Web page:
• Will Shonbrun

            Sorry Ms. Parmelee, but I don’t buy that for a minute. The same economic arguments being made by the No on B camp, i.e., the City must have the hotel revenue or a financial crisis will follow, were made at the time of the Rosewood issue, and then council watchers like myself, Bob Cannard and Joe Costello felt assured that the only way to stop our hillside going to private development was through the initiative process, and that’s how it came to be.

  • Jim Pacheco

    Mr. Edwards,
    You are taking Mr Barnett’s quote out of context. I just watched the city council meeting of Aug 13, and at approximately the 2 hour and 20 minute mark Mr Barnett said, “They (the voters) are suspicious that the fix is in”. Mr. Barnett did not say that he thought this was the case. I am tired of the No on B side saying they will present the facts, when you what you are really trying to do is confuse and scare the voters. You have actually turned more than one voter into the Yes on B side with these tactics.

    And give me a break “drain city’s account”. The TOT revenue to the city will continue to increase to the city, whether there is a 25 room hotel built, or no hotels rooms built. Just more scare tactics because you cannot win on any of the factual arguments.

  • Fred Allebach

    The last I checked, the ballot initiative process is entirely legal, constitutional and part of a long history in California of providing voters a direct voice to counter the tendency of big fish to abuse little fish. Whether any particular initiative has merit is a question for voters to decide, just as voters decide who to elect to represent or not represent them. Ballot initiatives are part of the law of the land. There is nothing subversive here, all initiatives do is equalize the playing field.

  • bob edwards

    “I believe every Sonoma voter deciding how to vote on Measure B should go to the library and check out a copy of the Constitution of the United States of America to learn why these two initiatives are so very different. Measure A was about public land. Measure B is about the freedom of private landowners to go through the established regulatory process and talk to the community, and to appropriately work through the existing process to develop their private property.”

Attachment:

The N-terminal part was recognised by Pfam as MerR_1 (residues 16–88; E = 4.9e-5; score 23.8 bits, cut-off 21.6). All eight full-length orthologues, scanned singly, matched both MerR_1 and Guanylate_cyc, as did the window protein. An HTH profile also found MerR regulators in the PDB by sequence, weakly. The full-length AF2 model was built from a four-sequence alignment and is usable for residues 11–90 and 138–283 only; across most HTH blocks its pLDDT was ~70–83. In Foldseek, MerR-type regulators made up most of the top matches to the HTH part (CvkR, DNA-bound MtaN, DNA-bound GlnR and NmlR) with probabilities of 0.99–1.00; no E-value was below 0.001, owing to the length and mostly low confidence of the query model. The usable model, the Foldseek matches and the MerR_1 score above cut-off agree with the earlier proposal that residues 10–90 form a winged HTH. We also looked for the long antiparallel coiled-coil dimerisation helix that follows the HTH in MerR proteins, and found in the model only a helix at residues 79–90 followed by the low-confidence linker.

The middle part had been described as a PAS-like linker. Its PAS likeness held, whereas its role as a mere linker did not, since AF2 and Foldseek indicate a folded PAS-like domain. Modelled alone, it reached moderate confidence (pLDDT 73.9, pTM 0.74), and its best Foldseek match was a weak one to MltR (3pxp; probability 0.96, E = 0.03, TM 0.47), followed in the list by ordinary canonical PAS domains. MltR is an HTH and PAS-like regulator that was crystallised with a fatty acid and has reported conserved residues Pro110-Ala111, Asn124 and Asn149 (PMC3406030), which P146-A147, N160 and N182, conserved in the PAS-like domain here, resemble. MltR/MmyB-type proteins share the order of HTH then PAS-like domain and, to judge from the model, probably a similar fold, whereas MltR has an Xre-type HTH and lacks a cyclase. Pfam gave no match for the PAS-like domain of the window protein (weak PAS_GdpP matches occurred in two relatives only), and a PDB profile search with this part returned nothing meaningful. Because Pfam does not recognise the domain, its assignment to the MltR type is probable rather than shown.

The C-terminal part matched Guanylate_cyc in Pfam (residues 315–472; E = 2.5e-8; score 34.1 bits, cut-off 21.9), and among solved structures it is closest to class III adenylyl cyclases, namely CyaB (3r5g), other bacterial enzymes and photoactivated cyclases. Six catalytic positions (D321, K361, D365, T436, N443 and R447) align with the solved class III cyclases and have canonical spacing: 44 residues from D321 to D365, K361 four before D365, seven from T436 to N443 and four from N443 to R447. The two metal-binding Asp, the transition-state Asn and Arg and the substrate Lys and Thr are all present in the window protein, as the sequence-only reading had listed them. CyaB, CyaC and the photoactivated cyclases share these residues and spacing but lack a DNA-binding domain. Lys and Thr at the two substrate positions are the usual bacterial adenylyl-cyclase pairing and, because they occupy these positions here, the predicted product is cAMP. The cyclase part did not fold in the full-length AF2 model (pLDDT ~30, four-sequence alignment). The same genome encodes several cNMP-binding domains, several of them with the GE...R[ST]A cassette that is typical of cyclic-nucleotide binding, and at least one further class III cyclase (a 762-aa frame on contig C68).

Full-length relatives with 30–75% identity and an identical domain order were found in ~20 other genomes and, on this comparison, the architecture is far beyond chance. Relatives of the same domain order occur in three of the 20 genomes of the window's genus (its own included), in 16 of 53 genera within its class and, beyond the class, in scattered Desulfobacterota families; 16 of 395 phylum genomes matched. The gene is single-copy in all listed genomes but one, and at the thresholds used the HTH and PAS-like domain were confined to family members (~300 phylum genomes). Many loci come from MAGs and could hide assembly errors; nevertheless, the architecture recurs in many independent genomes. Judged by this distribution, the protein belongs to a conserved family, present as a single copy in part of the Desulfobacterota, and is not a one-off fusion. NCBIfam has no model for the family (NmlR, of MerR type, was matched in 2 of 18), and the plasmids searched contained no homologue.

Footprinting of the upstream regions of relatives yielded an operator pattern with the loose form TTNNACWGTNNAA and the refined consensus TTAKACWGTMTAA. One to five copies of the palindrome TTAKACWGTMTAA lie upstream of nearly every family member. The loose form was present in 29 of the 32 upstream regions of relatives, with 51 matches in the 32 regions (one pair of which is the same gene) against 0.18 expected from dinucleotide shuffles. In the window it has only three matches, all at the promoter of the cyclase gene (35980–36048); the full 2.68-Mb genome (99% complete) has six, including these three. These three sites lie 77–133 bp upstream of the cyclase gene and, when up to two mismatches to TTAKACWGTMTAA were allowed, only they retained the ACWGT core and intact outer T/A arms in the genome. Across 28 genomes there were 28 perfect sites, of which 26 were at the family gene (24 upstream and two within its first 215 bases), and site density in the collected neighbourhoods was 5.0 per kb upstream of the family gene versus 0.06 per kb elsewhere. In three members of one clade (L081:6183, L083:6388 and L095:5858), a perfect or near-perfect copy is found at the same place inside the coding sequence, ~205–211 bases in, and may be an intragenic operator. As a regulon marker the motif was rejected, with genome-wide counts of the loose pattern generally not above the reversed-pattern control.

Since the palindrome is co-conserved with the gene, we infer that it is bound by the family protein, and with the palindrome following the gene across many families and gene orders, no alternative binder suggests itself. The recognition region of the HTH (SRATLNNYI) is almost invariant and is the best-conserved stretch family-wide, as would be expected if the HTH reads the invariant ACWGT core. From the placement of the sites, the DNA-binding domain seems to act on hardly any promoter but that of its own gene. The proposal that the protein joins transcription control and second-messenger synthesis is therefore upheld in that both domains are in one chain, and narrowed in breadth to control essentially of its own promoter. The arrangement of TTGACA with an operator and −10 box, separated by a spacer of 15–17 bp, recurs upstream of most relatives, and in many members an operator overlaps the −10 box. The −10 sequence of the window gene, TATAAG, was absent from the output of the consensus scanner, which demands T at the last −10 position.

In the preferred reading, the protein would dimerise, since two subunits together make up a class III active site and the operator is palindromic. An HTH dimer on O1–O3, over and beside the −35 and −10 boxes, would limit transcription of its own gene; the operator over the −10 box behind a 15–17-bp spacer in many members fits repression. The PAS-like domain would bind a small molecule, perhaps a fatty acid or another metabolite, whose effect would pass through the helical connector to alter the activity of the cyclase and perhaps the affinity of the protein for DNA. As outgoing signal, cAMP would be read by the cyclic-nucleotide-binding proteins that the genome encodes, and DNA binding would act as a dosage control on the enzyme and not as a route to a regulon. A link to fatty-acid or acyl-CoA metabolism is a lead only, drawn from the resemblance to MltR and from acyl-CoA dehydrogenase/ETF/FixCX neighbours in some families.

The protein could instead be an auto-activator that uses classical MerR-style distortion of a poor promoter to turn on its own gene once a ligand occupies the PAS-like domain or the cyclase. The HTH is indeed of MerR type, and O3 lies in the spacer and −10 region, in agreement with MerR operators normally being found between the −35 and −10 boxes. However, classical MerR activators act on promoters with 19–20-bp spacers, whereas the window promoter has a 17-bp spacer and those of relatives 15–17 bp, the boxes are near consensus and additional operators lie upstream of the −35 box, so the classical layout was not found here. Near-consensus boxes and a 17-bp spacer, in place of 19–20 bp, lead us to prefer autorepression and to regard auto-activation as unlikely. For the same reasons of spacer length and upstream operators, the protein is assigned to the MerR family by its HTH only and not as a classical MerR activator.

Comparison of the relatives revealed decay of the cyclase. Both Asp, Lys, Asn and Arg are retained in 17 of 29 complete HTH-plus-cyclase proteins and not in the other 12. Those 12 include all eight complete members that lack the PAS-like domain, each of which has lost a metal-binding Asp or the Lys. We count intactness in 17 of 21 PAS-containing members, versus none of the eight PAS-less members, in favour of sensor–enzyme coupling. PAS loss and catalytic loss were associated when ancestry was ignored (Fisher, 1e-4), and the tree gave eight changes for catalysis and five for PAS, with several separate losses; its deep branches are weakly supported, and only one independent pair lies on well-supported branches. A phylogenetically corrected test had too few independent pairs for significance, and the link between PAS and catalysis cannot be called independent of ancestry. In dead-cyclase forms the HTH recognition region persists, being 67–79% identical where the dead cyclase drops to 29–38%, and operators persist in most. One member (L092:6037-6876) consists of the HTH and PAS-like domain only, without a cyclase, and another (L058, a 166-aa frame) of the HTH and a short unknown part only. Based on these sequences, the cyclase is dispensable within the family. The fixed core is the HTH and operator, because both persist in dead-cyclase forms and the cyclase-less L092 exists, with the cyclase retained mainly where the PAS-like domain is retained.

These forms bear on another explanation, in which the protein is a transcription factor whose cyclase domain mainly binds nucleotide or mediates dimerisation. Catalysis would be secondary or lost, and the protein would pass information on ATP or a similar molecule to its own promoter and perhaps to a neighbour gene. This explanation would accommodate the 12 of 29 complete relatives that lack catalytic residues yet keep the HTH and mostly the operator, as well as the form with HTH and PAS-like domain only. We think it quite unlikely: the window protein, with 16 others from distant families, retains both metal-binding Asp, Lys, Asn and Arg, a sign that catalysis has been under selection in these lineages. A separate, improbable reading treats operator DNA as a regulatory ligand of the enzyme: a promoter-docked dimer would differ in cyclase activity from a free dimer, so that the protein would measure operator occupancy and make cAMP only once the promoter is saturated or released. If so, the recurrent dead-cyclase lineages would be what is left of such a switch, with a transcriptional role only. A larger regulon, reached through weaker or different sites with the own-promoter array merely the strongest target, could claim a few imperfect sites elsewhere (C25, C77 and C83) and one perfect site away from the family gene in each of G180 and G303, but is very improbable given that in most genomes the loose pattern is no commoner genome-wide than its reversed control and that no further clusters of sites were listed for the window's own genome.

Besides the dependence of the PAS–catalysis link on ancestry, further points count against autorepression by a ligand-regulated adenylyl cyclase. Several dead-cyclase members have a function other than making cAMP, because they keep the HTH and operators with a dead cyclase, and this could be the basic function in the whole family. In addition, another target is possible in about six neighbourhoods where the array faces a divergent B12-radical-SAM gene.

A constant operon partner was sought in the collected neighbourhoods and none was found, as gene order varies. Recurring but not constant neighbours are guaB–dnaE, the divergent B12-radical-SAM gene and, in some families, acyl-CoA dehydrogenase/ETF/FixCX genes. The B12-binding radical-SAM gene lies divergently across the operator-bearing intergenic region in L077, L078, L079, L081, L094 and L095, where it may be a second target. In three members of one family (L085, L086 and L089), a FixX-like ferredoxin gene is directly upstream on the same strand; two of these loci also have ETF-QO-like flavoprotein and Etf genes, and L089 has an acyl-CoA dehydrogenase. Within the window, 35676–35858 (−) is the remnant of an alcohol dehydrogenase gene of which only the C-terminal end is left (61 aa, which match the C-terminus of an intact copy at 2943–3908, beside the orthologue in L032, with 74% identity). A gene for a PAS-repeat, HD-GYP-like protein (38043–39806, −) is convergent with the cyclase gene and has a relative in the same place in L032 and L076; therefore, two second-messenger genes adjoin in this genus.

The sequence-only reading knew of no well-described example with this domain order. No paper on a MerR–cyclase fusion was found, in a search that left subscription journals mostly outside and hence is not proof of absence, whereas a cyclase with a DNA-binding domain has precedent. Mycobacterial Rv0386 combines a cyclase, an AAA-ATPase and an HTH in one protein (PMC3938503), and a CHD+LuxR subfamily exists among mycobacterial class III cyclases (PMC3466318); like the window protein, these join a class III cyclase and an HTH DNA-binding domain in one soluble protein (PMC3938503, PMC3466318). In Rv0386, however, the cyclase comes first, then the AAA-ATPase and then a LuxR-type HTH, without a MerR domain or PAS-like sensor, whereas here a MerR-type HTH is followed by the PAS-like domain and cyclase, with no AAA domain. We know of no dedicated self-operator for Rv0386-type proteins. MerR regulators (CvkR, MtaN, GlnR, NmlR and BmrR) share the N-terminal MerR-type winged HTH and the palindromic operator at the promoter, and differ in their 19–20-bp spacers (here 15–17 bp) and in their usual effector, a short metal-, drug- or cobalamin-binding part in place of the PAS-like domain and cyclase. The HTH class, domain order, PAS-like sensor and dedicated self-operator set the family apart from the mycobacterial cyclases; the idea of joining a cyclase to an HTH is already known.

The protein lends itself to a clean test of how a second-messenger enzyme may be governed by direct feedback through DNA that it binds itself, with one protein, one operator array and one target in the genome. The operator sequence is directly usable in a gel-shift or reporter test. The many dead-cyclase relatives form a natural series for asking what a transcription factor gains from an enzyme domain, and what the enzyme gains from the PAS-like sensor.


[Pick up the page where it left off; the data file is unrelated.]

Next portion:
— Gary might want to take his own advice and read the Constitution, & the California Constitution while he is at it. Then do a side excursion into zoning law, general plans and the right of the electorate to amend “the establish regulatory process” via ballot initiatives. Which is what Measure B will do.

    Then come back and explain why, with so little understanding of the underpinnings of the legal and regulatory processes he is supposedly administering, he is qualified to be on the Planning Commission.

  • Robert Demler

    Well said.

    My thanks to you, Gary, and to the other Planning Commissioners, and also to the Design Review Board and the City Council for your dedication and contribution to our beloved Sonoma.

  • Michael Lockert

    Mr, Edwards, how do you think the “existing…established regulatory process” came to be? It didn’t just arise out of thin air, but over time as the citizens and concerned parties responded to changing circumstances. The Planning Commission is expected to enforce the rules and regulations that have been established by that process. That is their job.
    As for the TOT issue, it was opponents to B that raised the concern about loss of revenue.
    The point is, if they are so concerned about it, why do they not collect the tax from KNOWN
    vacation rentals who are operating tax free, and why are they giving TOT money, in the form of the
    TID, to hotels to pay for their advertising? Since when does free enterprise depend on city funds that could be spent on community services?